BUFFALO - Final-ly!
As the puck by flew by Buffalo Sabres' goalie Ryan Miller's glove side in OT, Daniel Alfredsson raised his arms in the air, headed for the corner and waited with a smile as the Senators' greatest celebration as Eastern Conference champs was officially underway.
The Senators captain, who has been around for the club's decade of disappointments, scored at 9:32 of OT to give Ottawa a 3-2 victory over the Sabres and, more important, to book a trip to the Stanley Cup final for the first time in the club's modern day history.
"This means a lot to me," said Alfredsson. "It's taken so much hard work and it's a great honor to be here right now. Right now, this is kind of surreal. I don't think it has real sunk in yet. I felt pretty good even though they tied it in the third. We've shown a lot of character throughout and this was no different.
"This is great for the fans. They stuck with us throughout and it's probably the best hockey community to play with in the world. I'm privileged to be a party of it and it's really nice to get a chance to play for the Cup now."
Unlike the club's last trip to the Eastern Conference final that ended in disappointment in 2003 with a loss in Game 7 to the New Jersey Devils, it was Alfredsson who accepted the Prince of Wales Trophy from NHL deputy commissioner Bill Daly.
Alfredsson touched it, but he didn't lift it.
"I was going to (lift it), but I didn't think it was that big," said Alfredsson with a smile.
The Senators, who finished the series off with a 4-1 win, will now have time to rest their wounds as they wait for the winner of the Western final between Detroit and Anaheim. Yes, they planned to party last night in Ottawa, but their excitement was tempered.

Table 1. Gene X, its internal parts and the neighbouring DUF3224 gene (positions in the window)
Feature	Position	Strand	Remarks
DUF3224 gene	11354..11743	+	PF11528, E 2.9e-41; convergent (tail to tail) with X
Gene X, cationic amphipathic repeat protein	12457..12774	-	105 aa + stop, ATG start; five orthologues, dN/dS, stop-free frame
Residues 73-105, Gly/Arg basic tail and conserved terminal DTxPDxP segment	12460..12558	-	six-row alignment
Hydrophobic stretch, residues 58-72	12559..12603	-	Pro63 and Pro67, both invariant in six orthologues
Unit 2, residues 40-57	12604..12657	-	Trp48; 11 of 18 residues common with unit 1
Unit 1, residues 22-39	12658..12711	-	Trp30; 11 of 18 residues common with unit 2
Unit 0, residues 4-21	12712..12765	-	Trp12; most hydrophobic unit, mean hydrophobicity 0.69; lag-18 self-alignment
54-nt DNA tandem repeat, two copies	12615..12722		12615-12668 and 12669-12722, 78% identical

"We're not going to get too high about this," said Senators defenceman Wade Redden. "It was great to see Alfie score this. It's a great feeling to get this point and we've to feel good about ourselves for getting here as well.
"But, we've got remember that there's more work to be done. We've come a long way and we've got to keep that in mind, but it sure is a great feeling to go into a final."
Many thought this was over in the third, but a 5-on-3 man advantage with Anton Volchenkov and Christoph Schubert off was costly. It resulted in the tying goal by Buffalo's Maxim Afinogenov that sent it to OT at 10:58.
While Volchenkov was back on the ice, the Sabres were still putting on the heat down and it was Afinogenov who was able to push a rebound off the post by Emery on the stick side to send the building into hysterics.
"We knew we were playing well, we were getting chances and we just had to keep going," said Senators centre Jason Spezza.
Up to that point, the Senators looked like they were leading a charmed life. Nothing else can explain the 2-1 lead they held after the second on the strength of goals by Spezza and Heatley's first to end a five-game goalless skid. Spezza scored the go-ahead goal at 19:21 of the second. That lead didn't stick. It just took a little extra work in OT, but it was all worth it.
"I'm just excited. That's something you dream about. Having a guy score in OT to send you to the finals, it's a great day for us," said Ottawa goalie Ray Emery. "It's exciting. We've been really playing well this year. It's great to have a chance to get to the finals and great to have a chance to win the Cup."